Dublin in need to change its way to move around the city to hit climate goals
The capital of Ireland is home to 28.5% of the country’s total population, with almost 1.5 million people. This means that a large number of people circulate every day in the busy streets of the city. According to CSO Ireland, in 2019, 74% of the total of journeys were made by car, meanwhile only 14% of them were walking or cycling, percentages that support the fact that in Dublin there are too many cars and not enough bikes circulating.
Traffic in Dublin is a real problem, the city is not prepared for so many cars. Research results provided by motor data company INRIX’s Global Scorecard shows an analysis of congestion and mobility trends in more than 200 cities in 38 countries around the planet. Among all those cities we find Dublin as the 20th most congested city in the world, with drivers in the capital losing on average 66 hours in their cars due to traffic congestion.
No one likes to waste time, so why do so many people spend that much time on cars? There is a clear solution to this, changing your car for a bike. Cycling in Dublin can be a challenge but also, can solve many problems at once. The use of bicycles offers advantages in many areas. It is a great opportunity to exercise, a way of saving extra minutes every day and even from an economic perspective, it is clear that bikes are an option much cheaper than cars. However, one of the major advantages is that cycling contributes to help environment, a real challenge on which there is indeed no time to waste.
Dublin is the most polluted city in the country and this is mainly due to two factors, “first of all, the traffic that accumulates in Dublin, that generates a huge quantity of NOx (nitrogen oxides) and PMs (particulate matter). Second, the lack of big green areas, compared with other parts of the country. But Dublin, as well, is the most density city in the whole island. Therefore, these problems are a consequence of this peculiarity of the city,” affirms Bruno Caviglione Rodriguez, environmental scientist.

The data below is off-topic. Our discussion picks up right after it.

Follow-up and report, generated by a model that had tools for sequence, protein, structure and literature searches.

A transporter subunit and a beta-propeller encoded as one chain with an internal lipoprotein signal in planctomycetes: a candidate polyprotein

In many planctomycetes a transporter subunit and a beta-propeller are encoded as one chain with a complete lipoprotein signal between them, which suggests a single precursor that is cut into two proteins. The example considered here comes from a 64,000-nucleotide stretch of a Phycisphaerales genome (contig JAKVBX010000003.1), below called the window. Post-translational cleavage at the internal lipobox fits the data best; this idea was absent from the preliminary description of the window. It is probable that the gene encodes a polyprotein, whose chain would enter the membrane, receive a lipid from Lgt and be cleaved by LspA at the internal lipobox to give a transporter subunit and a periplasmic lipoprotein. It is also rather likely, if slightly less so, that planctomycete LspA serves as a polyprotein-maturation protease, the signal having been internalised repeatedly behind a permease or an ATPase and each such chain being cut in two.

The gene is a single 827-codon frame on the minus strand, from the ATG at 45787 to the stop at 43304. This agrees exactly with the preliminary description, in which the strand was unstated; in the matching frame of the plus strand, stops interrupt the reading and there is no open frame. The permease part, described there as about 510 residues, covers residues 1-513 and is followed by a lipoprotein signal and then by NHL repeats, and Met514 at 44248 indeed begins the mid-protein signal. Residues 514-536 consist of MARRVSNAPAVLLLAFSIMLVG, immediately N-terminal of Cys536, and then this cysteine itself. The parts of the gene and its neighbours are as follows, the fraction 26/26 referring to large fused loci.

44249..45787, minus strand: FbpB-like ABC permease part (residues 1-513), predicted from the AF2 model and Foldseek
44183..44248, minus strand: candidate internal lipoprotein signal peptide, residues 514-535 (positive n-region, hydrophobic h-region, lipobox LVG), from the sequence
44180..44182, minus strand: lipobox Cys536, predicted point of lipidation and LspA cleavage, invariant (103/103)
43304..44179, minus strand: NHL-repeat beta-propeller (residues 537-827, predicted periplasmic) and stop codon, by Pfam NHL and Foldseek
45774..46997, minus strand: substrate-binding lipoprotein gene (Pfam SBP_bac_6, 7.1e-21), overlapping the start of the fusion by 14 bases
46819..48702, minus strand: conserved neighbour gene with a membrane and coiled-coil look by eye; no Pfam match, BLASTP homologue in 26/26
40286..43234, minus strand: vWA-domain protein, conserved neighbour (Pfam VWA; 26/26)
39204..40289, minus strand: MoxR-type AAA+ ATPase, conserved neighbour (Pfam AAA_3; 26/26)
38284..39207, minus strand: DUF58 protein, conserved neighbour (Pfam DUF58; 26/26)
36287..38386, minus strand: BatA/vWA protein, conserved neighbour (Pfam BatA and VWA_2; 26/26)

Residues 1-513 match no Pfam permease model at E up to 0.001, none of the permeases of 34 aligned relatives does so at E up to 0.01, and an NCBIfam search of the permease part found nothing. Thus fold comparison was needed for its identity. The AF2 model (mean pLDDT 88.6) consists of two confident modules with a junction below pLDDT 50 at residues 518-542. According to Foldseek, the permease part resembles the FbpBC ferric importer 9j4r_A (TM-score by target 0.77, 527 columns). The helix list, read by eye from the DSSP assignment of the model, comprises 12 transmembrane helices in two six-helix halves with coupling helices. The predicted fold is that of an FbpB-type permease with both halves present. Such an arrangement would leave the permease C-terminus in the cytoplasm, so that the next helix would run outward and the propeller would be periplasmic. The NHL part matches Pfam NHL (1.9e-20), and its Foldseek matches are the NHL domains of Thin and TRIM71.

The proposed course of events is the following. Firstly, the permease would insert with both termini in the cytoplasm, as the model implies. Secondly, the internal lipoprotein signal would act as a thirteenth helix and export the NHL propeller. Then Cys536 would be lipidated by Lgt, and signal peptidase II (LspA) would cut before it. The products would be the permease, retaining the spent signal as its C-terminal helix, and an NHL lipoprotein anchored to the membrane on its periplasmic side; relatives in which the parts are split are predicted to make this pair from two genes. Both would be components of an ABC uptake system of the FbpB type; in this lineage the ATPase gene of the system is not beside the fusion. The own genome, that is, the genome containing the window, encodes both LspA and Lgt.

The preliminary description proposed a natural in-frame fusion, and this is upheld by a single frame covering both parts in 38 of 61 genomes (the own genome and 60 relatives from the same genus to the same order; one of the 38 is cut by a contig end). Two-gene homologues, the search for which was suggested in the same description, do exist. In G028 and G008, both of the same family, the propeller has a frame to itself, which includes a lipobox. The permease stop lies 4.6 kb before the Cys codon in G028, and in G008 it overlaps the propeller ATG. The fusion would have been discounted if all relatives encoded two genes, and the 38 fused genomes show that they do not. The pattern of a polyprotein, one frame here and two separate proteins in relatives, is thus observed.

However, there is still hope, “as individuals, we have so much power and decisions in how to help our environment, from using transport that is more sustainable to being more sensible with the decision in our diet, or just trying to be more energy efficient. All these actions are focused on reduce the carbon footprint in our daily life,” encourages Caviglione.
Until the transition to zero-emission cars and trucks becomes a viable option, alternative ways to improve the situation need to be taken. For now, cycling and walking are the only zero-emission forms of transportation. Caviglione believes that cycling is “a measure that would help a lot to reduce our emissions” not only by using the bike itself but because “the environmental impact from bike production is lower compared to the car.”
The capital has already more than 95.000 people using their bikes to move around the city every day but this number must increase. The City Council is decided to implement certain changes to create a more sustainable mobility system in line with climate objectives. There are plans to spend €7.6 million on walking and cycling infrastructure this year. The aim is to transform Dublin into a cycling friendly city to encourage people to walk and use bicycles instead of cars.
The European Cyclists’ Federation (ECF) and a global coalition of 80 pro-cycling organisations, including Irish member Cyclist.ie have issued an open letter calling on governments attending COP26 in Glasgow to boost cycling levels to reduce carbon emissions and reach climate goals quickly and effectively. The letter was sent to governments and transport ministers ahead of COP26 and it is very clear, “the world needs much more cycling if we are to combat climate change. Without quicker and more determined action by governments worldwide to cut transport carbon emissions, we will be dooming present and future generations to a world that is more hostile and much less inhabitable.”
Some of the measures suggested in the letter, signed by 350 organizations around the world, are “promoting cycling in all its forms, including cycling tourism, sports cycling, bike sharing, riding to work or school and for exercising”, “recognising cycling as a climate solution, establishing a clear link between how an increase in bicycle trips and a decrease in private car trips reduce CO₂ emissions” or “Building synergies with public transport and foster combined mobility solutions for a multimodal ecosystem capable of covering all user needs without relying on a private car.”
“Ireland has no choice but to change to hit climate goals,” Taoiseach Micheál Martin said from the Cop26 climate summit in Glasgow. And among all the things that need to change, the prime minister included also transport. Ireland’s first carbon budget, from 2021 to 2025, demands a reduction of emissions by 4.8 per cent on average each year for five years. The second budget, running from 2026 to 2030, will see emissions reduce by 8.3 per cent on average each year.
This is a big challenge for the country, but especially for Dublin, as it is the most polluted and densely populated city. Nevertheless, we can all do our bit to help ensure a cleaner future by changing certain aspects of our day-to-day lives, which will help us all to make a difference in our future and the future of our planet. Using the bike is no longer going to be a choice.